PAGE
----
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Organizational support has come from groups created specially to promote Safe Haven programs, such as A Secret Safe Place for Newborns of Tennessee139 and Save Abandoned Babies Foundation,140 as well as from existing constituencies. These include law enforcement agencies (who approach Safe Haven laws in terms of crime prevention),141 hospitals (whose emergency rooms are commonly designated sites),142 and certain child welfare advocates (who identify abandonment as a form of child abuse).143 The Catholic Church144 and secular pro-life organizations have also been actively involved. For example, New Jersey Right to Life helped initiate, secure, and implement the state’s legislation.145 The cast of participants in Illinois is representative: Illinois’s A Secret Safe Place for Newborns, the Department of Child and Family Services, the Hospital Association, the Attorney General’s Office, the Catholic Conference, and the Judiciary Committee staff were all players.146 139. See Secret Safe Place for Newborns of Tenn., Inc., at http://www.secretsafeplace tn.org (last visited Jan. 26, 2006). 140. See Save Abandoned Babies Found., Timeline, at http://www.saveabandoned babies.org/timeline.shtml (last visited Feb. 16, 2006) (on file with the Columbia Law Review) [hereinafter Save Abandoned Babies Found., Timeline]. 141. See Associated Press, Program Offers Safety for Newborns Who Might Have Been Abandoned, Jan. 5, 2000, available at LEXIS, AP File (on file with the Columbia Law Review) (quoting Dakota County Attorney James Backstrom on “innovative program to prevent crime” (internal quotation marks omitted)). Of course, one reason Safe Haven laws prevent crime is that they decriminalize abandonment. 142. See Debra O’Connor, Capitol Report, Senate Passes Newborn Bill, St. Paul Pioneer Press, Feb. 29, 2000, at C3 (listing support from Minnesota Hospital Association, Minnesota Association of Pediatrics, Minnesota Public Health Association, Minnesota Nursing Association, and Archdiocese of St. Paul and Minneapolis); Letter from Peter E. Capobianco, President of St. Mary’s Hosp., to George E. Pataki, Governor of N.Y. (July 11, 2000) (on file with the Columbia Law Review) (“Our mission and New York State’s mission are the same[:] to care for those in need with comfort, safety, and life giving sustenance.”). 143. See, e.g., Letter from Terry O’Neill, supra note 119 (“I’ve done a lot of work with crime victims . . . . I still think nothing can befall one in life that is worse than to be abandoned by someone you have every right and expectation to be able to depend on for life.”). 144. As the director of the Safe Place for Newborns in Minneapolis explained with a nod to the foundling home system, “This thing is so profoundly Catholic . . . . You look at the history of any country, and the Catholics have founded the schools, provided hospitals to take care of the sick, reached out to the poor . . . . This is just a modern way of providing a place for a sick person.” Carey, supra note 128 (internal quotation marks omitted) (quoting Laure Krupp). 145. See N.J. Right to Life, NJ Safe Haven Infant Law, at http://www.njrtl.org/core/ newsletter_details.asp?ArticleID=348 (last visited Jan. 26, 2006) (on file with the Columbia Law Review) (detailing New Jersey Right to Life Committee’s efforts in researching, securing sponsorship, and testifying before Assembly and Senate Committees). Members of the New Jersey Right to Life Committee attended the bill signing ceremony. Id. 146. Ill. Senate, Senate Transcript, S. 92-23, Reg. Sess., at 47–48 (2001), available at http://www.ilga.gov/senate/transcripts/strans92/pdf/ST040401.pdf (on file with the Columbia Law Review) [hereinafter Illinois Senate Transcript] (thanking organizations for their work on legislation). For a summary of constituency concerns, see Nevada Hearing on S.B. 191, supra note 132.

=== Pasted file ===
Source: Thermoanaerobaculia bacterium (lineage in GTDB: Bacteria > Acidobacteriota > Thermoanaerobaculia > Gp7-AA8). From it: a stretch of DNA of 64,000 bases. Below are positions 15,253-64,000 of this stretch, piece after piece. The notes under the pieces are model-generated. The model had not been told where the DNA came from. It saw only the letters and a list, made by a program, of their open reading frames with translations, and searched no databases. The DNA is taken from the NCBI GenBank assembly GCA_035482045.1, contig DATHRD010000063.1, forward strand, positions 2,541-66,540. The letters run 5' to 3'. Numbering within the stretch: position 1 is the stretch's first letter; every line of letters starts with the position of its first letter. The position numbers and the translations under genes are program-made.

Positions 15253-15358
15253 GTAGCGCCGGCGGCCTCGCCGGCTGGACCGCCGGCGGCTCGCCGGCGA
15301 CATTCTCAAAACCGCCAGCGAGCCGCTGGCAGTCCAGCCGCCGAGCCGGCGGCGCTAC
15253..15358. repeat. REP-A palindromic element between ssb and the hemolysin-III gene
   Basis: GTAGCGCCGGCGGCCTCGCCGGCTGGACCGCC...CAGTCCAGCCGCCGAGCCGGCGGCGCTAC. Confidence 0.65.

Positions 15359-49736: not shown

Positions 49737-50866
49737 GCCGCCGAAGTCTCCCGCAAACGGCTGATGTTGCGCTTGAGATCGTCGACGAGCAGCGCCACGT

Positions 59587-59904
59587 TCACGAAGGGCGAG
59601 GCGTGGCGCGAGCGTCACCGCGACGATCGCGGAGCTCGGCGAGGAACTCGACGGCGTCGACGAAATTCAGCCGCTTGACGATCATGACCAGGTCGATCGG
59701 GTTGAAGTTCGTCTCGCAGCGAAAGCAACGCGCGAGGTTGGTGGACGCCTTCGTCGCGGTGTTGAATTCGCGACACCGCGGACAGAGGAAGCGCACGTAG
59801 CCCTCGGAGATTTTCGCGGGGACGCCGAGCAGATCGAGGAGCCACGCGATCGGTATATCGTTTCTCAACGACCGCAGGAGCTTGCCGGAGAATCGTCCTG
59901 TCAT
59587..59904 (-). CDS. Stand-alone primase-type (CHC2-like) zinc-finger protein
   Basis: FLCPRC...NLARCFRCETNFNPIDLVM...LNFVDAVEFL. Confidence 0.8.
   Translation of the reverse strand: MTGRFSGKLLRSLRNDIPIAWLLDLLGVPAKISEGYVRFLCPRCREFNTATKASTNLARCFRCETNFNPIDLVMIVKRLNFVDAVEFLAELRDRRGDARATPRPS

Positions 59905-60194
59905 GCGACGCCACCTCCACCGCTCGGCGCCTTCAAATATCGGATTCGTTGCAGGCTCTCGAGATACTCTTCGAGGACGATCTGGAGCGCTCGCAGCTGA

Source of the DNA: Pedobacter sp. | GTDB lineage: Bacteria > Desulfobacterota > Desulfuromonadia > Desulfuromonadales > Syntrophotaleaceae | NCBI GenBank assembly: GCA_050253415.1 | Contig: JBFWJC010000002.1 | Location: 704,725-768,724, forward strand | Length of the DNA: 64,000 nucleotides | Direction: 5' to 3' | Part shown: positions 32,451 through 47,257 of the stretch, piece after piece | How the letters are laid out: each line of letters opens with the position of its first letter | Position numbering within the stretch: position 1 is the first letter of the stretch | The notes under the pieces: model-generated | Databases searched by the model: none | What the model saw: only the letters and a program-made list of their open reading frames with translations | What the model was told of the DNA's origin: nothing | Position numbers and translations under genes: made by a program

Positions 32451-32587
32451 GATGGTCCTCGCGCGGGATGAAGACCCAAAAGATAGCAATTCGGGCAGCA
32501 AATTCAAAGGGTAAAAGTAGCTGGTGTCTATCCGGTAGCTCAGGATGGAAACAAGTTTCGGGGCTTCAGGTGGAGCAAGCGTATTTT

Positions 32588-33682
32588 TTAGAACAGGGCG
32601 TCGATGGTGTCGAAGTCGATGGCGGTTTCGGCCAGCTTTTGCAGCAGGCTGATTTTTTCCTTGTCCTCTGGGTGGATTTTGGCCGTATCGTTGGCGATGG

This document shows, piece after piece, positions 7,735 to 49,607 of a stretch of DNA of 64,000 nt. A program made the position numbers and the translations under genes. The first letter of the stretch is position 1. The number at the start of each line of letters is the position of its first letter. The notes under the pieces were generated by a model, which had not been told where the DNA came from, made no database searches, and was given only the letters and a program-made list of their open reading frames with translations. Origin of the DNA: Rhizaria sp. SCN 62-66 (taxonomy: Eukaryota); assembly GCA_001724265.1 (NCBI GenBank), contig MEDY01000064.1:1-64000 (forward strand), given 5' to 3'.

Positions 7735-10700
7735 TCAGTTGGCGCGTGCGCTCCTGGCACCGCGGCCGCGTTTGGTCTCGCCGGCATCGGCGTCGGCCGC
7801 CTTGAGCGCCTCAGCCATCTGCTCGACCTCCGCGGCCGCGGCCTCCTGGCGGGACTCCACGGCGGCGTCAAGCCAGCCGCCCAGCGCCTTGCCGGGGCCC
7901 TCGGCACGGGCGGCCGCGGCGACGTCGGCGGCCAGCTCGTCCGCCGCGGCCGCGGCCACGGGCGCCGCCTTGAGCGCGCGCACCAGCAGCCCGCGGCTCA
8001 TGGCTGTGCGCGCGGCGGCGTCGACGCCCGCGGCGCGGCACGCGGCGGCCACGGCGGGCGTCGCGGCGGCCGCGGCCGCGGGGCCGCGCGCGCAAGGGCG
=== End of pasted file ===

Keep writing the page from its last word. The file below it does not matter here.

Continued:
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Opposition to Safe Haven legislation has come primarily from three sources: the child welfare community, adult adoptees, and those concerned with Safe Havens’ moral implications. A thoughtful interdisciplinary critique by child welfare experts concluded that Safe Haven laws are a hasty and unproven response to the problem of unwanted pregnancy.147 Activist organizations of adult adoptees have been more blunt. As Bastard Nation put it, the states have simply “jumped on the Baby Dump Bandwagon by drafting ill-conceived laws” that violate the human rights of adopted children.148 Moral concerns have been expressed by legislators149 and citizens,150 as well as by talk show host Joe Scarborough, who characterized Safe Haven laws as “baby-dumping” legislation that simply “help[s] to normalize disgusting behavior.”151 Yet critiques of Safe Haven bills only occasionally found their way into committee hearings, floor debates, or vote tallies.152 Claims about Safe Haven successes were often accepted uncritically,153 despite the fact that almost every state with Safe Haven laws continued to experience illegal abandonment.154 The claim that quick passage would result in “one more life saved” was repeatedly invoked as the reason to support the legis147. See Unintended Consequences, supra note 72, at 1 (describing evidence of efficacy as inconclusive at best); see also Child Welfare League Statement, supra note 72, at 17–19 (stating that although there has been “flurry of activity surrounding baby abandonment,” “[s]afe havens are a short-term solution” and their effectiveness is “unclear”). 148. See Bastard Nation, Action Alert!, Legal Abandonment Laws Open the Door to Fraud, Don’t Save Lives (July 2000), at http://www.bastards.org/alert/babydump.htm (on file with the Columbia Law Review). 149. See, e.g., Holly Heyser, Bill on Murder of Fetuses Is Defeated, Virginian-Pilot & Star-Ledger, Feb. 19, 2001, at B4 (quoting legislator who argued bill “would put in the code . . . that abandoning your baby is an acceptable course in Virginia”); Kathey Pruitt, House OKs Baby Drop-Offs, Atlanta J.-Const., Mar. 4, 2000, at E7 (quoting detractor who called legislation product of “throw-away society”). 150. See David A. Dansker, Letter to Editor, Forced Support, L.A. Daily News, Aug. 28, 2002, at N20 (calling Safe Haven laws “forced taxpayer support of residual from [sic] abortion ideology from Planned Parenthood”). 151. Scarborough Country (MSNBC television broadcast Aug. 25, 2003), available at LEXIS Transcript No. 082500cb.471, at *5–*6 (on file with the Columbia Law Review) (interviewing Hawaii Gov. Laura Lingle); see also Karin Miller, Senate OK’s Baby-Dumping Bill, Memphis Comm. Appeal, May 24, 2001, at B5. 152. A short-lived exception was Arlington, Massachusetts, where voters defeated a local Safe Haven initiative. See David Desjardins, Approval of Infant Haven Laws No Longer a Safe Bet, Boston Globe, July 1, 2004, at NW1 (reporting heated debate between Marley Greiner of Bastard Nation and pro-Safe Haven activist Michael Morrisey). 153. To be sure, two of Florida’s 120 state representatives voted against the bill, concerned about the speed of the process and fathers’ rights. Thomas B. Pfankuch, House Passes Abandoned Newborn Bill, Fla. Times-Union, Apr. 25, 2000, at A-1 (quoting Rep. Lois Frankel, who voted against measure, as arguing that bill ought to have been examined more closely before adoption). 154. The floor discussion in the Illinois Senate is illustrative. Senator Luechtefeld, informed by a constituent that Safe Haven laws enacted in other states had not been effective, mildly inquired of the bill’s sponsor if he “had any information with that.” The answer was simply, “[t]hat is not the information I have,” and the discussion moved on.